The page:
RECOVERY FROM SPINAL INJURY IN RAT EXPERIMENT
A New York Times article by Benedict Carey, May 31, 2012, described an experiment with rats that showed how the spinal cord and brain can regenerate nerve cells and connections after an injury. The result was that rats unable to walk after their spinal cord was cut, but not completely severed, could regain mobility.
They were put through a training program of being held upright on their hind legs still bearing their full weight, and being stimulated in three places: electrically in the part of the brain having to do with motor movements and in the spinal cord below the injury, and chemically in the injured area with medications that promote growth. Two to three weeks of 30 minute sessions of trying to get to a piece of cheese nearby resulted in initial steps, voluntarily. Walking on their own, and some of them running, developed in six weeks.
The training program engages the brain in developing new connections among nerve cells (neurons) to recover the lost abilities. New neurons do grow, like a Chia Pet. The brain and the nervous system were making new connections. A similar outcome was reported last year with a 23 year old paraplegic man, who was able to stand for a few minutes at a time after completing a similar program.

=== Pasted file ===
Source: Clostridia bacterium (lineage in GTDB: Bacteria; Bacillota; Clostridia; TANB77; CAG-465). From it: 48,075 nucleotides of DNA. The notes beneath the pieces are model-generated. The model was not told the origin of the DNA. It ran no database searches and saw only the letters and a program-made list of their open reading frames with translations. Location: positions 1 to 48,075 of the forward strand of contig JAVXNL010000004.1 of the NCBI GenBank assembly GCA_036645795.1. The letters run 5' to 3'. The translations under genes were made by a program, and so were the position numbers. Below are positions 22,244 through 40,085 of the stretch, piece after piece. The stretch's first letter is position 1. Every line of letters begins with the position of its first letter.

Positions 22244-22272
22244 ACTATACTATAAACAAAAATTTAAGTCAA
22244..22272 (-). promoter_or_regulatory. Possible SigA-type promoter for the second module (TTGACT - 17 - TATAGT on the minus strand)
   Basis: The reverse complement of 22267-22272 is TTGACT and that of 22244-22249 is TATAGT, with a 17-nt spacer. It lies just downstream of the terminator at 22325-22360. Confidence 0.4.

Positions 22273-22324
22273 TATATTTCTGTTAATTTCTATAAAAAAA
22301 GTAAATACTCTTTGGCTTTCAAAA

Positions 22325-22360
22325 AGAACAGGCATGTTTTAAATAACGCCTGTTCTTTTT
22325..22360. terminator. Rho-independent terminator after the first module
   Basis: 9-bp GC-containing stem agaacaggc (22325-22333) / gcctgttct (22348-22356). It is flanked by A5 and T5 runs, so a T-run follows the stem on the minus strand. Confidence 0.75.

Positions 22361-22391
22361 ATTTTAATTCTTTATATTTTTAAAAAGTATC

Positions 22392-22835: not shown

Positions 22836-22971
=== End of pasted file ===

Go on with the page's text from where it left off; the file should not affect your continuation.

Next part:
In a similar way, one wonders if the brain, or perhaps better put, the mind, can make new connections with other “training programs,” to recover from or circumvent injuries of various sorts. Is this how psychotherapy works on a more neurological level in making new connections to recover from, or work around, injuries to the human psyche, to a person’s being? Already, there is some evidence that long-term practitioners of meditation, like Buddhist monks, do have different brain wave patterns than other people, patterns that are consistent with feelings of well-being and inner peace.
Dr. Solomon is a Clinical Psychologist in Torrance. He is a member of the Independent Psychotherapy Network. Dr. Solomon can be reached at (310) 539-2772, or firstname.lastname@example.org
Copyright 2012 by Alan M. Solomon, Ph.D.
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